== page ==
If the British government, at the behest of right wingers in the Tory Party and the Democratic Unionist Party (DUP), seek to restore the hard border in Northern Ireland, the Irish government has a clear duty to say no, loudly and firmly.
The Irish government must inform the European Union that they are vetoing the continuation of the talks between the EU and Britain, which they have a right to under the rules laid down.
But they also need to make it clear that they will not in any way assist or have any hand, act or part in the creation of a new border.
It takes two to create a borderline and police it effectively. If the Irish government makes clear that it will not administer the border then it becomes irrelevant.
In addition, there should be mass peaceful mobilization by the people of Ireland who know the reinstatement of a physical border will cause massive security and economic problems. The PSNI, the Northern police force, has already said patrolling the border and installing fixed security checkpoints will make their men and women sitting ducks for extremists hoping to reignite the war.
Brexit is the most important question facing an Irish leader in decades, probably since Albert Reynolds made the decision to throw the weight of the Irish government behind the then long shot peace process.
Current Taoiseach Leo Varadkar has a stellar resume, political smarts and an excellent grasp of the realities, but he will come under fierce pressure to allow EU/Britain negotiations to go ahead even if the Irish border issue is not resolved.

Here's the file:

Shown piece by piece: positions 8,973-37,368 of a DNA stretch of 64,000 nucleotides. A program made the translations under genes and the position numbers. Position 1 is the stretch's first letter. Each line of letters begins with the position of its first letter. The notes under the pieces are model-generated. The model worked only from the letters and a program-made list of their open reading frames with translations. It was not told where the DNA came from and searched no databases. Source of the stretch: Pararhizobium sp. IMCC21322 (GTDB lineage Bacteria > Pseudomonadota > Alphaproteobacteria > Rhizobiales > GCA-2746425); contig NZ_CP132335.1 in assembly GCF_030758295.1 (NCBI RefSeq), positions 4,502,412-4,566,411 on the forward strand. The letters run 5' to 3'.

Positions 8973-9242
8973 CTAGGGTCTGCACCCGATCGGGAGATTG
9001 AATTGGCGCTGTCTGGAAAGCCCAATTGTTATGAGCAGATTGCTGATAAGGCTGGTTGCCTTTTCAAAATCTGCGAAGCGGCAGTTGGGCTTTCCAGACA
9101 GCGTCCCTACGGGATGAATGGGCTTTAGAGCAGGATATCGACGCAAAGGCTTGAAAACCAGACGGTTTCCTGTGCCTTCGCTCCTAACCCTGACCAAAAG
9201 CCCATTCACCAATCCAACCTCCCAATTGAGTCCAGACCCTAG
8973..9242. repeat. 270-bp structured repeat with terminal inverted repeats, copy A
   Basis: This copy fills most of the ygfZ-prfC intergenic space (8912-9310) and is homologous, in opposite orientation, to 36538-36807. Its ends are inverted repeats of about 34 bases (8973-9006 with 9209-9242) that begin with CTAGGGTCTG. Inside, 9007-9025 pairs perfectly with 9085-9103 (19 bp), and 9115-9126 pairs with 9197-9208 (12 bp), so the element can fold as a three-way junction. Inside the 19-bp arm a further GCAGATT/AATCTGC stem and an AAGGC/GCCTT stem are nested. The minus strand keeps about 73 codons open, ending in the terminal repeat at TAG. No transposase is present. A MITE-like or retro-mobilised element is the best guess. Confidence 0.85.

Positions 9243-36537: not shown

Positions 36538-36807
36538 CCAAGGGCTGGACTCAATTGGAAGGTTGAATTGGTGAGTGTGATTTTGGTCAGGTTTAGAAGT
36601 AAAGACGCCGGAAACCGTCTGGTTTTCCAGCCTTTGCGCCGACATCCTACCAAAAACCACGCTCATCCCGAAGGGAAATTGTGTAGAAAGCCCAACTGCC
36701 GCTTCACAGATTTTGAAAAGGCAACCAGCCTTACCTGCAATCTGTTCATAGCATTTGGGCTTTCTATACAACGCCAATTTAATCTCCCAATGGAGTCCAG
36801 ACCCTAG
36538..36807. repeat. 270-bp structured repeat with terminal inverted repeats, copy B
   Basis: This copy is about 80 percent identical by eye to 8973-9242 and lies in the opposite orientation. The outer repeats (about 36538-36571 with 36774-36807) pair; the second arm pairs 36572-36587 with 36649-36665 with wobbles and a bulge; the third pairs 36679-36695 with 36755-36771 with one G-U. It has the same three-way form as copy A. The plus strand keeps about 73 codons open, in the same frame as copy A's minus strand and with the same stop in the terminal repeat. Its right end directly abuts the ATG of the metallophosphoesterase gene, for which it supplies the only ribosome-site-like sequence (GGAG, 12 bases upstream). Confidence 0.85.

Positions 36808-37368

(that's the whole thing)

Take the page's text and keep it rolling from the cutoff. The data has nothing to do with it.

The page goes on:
It would be disastrous to give in to such pressure. The worst of all solutions, something drafted in the final document which seeks to fudge the issue, would only make matters worse. Already the colonial grandees the Tory backbenches are calling for the hard border if that is what unionism wants.
Read more: What next for Brexit and Ireland’s border?
It is dangerous talk and confirms a mindset that remains as irresolute and imperialist as generations before them. The entire Brexit issue is a tribute to their utter political arrogance.
British Prime Minister Theresa May is an unbelievably weak figure, a woman who did not square away DUP support before signing off on what was a perfectly acceptable deal on Monday. Did she seriously think the toys would stay in the pram once the DUP saw the deal?
But even with that, May could have called the DUP bluff and dared them to bring down the government by withdrawing their support. A general election would see them lose access to power and, worst of all for them, might result in the election of Labour Party leader Jeremy Corbyn, an avowed supporter of a united Ireland and the unionists’ worst nightmare.
But May lacked the steel to go down that route and instead took part in a chaotic rowing back process that only undermined her position even more.
The fact is that it is the Irish who hold the high cards and the moral ground on this issue. They have stated plainly there can be no return to a hard border. That must stay the mantra despite EU and British pressure to think and act otherwise.
In the end, there is only one Brexit exit for Ireland on the border issue, and that is to have no physical border at all.